What is Percolation? – Meaning, Processes, and Percolation rates (explained)

Compiled by Stanley Udegbunam || Nov 23, 2020



Percolation is the downward movement of water through soil layers due to gravity and capillary forces.

Percolation is an important process required to replenish aquifers that hold groundwater in the saturation zone.

It is also a component of the water cycle.

Want to know more about aquifers?

See our comprehensive article: What is an Aquifer?


Percolation is primarily controlled by gravitational forces.

Precipitations such as rainfall and snowmelts infiltrate the soil surface after which it percolates downwards through soil layers.

The water is able to move underground through the rock and soil profile due to the capillary actions of connected pore spaces.

During recharge, water percolates downwards into the zone of aeration.

The zone of aeration is where a mixture of water and air fills the pore spaces.

Water in the zone of aeration is called vadose water.

Below the zone of aeration is the zone of saturation, where the pore spaces are completely filled with groundwater.

The separation boundary between the zone of aeration and saturation is called the water table.

Percolation is very similar to water infiltration since they both involve the downward movement of water.

The rate of percolation is highest shortly after rain has infiltrated the soil surface and gradually decreases until the soil reaches its infiltration capacity.

soil percolation


Percolation rate is the speed at which that water moves through different soil layers.

In other words, it’s the rate at which percolation occurs, and it’s usually measured in inches per hour.

To measure the percolation rates of different soil samples, a percolation test is carried out.

The percolation rate of a given soil sample is affected by the porosity and permeability of the soil.

This means that water doesn’t percolate at the same rate through different soils.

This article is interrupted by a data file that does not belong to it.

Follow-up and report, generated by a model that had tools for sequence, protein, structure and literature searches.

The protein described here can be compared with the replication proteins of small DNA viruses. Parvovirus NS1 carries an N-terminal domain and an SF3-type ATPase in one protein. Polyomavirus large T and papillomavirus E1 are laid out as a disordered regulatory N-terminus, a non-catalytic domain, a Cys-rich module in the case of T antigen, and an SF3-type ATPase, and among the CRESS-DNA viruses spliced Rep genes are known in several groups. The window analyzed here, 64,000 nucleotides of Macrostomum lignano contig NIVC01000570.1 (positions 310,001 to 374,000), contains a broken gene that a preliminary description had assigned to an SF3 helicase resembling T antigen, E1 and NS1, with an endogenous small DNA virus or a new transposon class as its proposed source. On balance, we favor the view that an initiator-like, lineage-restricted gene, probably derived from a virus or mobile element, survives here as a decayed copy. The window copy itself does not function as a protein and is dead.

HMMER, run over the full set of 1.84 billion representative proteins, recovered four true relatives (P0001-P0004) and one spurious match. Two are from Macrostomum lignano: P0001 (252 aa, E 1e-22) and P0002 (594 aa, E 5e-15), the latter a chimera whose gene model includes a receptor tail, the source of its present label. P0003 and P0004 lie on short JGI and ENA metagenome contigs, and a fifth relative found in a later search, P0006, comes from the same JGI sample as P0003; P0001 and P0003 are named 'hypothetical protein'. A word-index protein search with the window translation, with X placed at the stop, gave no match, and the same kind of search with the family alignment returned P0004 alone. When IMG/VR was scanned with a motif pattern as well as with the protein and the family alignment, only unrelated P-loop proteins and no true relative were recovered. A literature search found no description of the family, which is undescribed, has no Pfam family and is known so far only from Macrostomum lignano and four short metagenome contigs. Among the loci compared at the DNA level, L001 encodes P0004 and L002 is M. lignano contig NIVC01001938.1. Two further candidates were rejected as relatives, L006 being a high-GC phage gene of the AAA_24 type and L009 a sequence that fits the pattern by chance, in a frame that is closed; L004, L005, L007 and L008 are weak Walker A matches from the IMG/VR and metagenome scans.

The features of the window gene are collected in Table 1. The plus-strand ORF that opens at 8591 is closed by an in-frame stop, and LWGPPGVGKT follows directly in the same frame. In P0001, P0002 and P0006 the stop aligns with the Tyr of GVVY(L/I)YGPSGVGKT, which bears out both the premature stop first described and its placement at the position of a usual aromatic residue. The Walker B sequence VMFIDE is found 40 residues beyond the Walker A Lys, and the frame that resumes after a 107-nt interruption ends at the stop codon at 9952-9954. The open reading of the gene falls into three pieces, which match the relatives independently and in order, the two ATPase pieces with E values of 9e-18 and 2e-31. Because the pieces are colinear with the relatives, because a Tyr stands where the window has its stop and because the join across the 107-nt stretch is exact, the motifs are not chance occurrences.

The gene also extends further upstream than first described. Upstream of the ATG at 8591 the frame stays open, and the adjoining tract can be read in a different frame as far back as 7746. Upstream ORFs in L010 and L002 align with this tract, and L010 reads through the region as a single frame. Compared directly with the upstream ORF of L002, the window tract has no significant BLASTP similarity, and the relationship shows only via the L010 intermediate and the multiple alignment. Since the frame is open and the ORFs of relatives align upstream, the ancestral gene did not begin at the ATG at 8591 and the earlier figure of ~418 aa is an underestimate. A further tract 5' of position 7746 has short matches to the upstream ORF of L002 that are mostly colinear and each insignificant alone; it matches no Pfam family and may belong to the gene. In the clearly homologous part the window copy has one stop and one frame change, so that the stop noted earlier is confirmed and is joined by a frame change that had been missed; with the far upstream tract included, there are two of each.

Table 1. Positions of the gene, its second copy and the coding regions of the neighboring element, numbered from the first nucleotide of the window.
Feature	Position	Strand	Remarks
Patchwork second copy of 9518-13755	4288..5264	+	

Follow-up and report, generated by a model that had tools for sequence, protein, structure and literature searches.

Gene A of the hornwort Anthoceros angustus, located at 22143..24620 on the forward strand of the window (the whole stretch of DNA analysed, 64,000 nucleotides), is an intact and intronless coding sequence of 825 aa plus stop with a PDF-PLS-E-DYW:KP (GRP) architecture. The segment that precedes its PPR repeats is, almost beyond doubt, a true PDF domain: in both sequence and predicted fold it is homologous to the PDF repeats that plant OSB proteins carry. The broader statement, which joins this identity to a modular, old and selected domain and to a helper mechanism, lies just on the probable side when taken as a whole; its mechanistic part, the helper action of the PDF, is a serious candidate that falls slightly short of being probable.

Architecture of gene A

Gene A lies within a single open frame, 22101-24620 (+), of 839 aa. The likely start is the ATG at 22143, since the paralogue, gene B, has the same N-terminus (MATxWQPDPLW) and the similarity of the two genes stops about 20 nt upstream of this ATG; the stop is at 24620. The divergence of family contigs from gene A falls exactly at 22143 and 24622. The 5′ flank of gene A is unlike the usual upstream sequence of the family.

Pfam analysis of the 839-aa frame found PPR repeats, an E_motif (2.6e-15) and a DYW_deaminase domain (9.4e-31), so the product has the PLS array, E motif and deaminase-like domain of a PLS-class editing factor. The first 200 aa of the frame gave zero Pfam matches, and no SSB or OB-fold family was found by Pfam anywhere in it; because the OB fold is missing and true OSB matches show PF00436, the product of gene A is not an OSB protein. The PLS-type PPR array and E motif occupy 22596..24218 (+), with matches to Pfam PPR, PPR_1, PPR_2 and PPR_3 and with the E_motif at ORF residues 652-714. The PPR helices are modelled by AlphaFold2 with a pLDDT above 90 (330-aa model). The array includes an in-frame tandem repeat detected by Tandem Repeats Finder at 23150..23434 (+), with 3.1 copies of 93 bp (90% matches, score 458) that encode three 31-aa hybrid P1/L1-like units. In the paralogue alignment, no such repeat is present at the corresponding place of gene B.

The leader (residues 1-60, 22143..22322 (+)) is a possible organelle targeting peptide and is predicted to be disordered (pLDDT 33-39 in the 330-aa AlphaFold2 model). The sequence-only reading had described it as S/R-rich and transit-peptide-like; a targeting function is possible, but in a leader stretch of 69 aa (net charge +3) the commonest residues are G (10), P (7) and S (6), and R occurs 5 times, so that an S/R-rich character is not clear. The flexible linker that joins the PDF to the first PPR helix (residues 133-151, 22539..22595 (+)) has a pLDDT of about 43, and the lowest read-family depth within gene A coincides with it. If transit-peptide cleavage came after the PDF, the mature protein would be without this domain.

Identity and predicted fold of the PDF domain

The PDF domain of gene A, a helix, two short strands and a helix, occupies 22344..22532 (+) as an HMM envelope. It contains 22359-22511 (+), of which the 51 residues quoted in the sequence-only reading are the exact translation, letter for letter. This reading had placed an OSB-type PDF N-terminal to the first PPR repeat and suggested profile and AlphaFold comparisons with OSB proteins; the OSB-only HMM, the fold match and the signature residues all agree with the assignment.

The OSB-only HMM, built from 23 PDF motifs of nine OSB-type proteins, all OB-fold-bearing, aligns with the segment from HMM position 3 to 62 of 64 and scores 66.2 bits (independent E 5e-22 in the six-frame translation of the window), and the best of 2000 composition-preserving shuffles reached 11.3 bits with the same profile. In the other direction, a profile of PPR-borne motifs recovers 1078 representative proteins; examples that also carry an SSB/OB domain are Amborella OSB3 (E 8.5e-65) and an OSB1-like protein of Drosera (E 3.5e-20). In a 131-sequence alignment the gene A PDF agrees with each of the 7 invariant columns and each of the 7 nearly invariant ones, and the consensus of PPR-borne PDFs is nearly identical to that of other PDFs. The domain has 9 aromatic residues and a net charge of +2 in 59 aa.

Sandy soil is loose and has larger pores compared to the small pore spaces found in clayey soil.

Therefore percolation rate is faster in sandy soil as opposed to clayey soil due to capillary action.

Smaller pores offer greater resistance to gravity. Silty soils, including loam, have moderate percolation speeds.

Rice crops are planted in fields with still waters.

This is because rice crops can flourish in flooded soils, whereas many other plants will die.

Therefore flooding of rice paddies is an important way to control weeds in rice fields.

However, even rice plants can suffer yield loss or die if the water is too deep for a long time. 

This explains why soils with a low water percolation rate will be the most suitable for growing rice crops because it will allow the field to be water-clogged for a much longer time.

Well, I guess we can consider this as a benefit of soils with poor percolation rates.

rice cultivation

growing rice in flooded fields

You can use percolation rates to make various soil/plant selection and management decisions for your gardens.


Percolation is required for artificial groundwater recharge.

Artificial groundwater recharge is the process of increasing the amount of water that enters an aquifer through planned, human-controlled means.

It is required to augment the groundwater resources and to store surplus surface water, particularly during the flood periods for future purposes.

Percolation tanks are popular structures used for groundwater recharge.


These are generally constructed across streams and submerges a land area in order to impound a part of the surface or run-off water.

The idea size of the percolation tank must be governed by its capacity of strata in tank bed.

Usually, percolation tanks are designed for storage capacities of 0.1 to 0.5 MCM and a ponded water column should be generally between 3 & 4.5m.

soil water storage tanks

Percolation tank in Satara district in Maharashtra, India.


There are 4 different underground units that contribute to the formation of groundwater.

They are: Aquifers, Aquitard, Aquiclude, and Aquifuge.


There are 4 different underground units that contribute to the formation of groundwater. They are:

Aquifers, Aquitard, Aquiclude, and Aquifuge.

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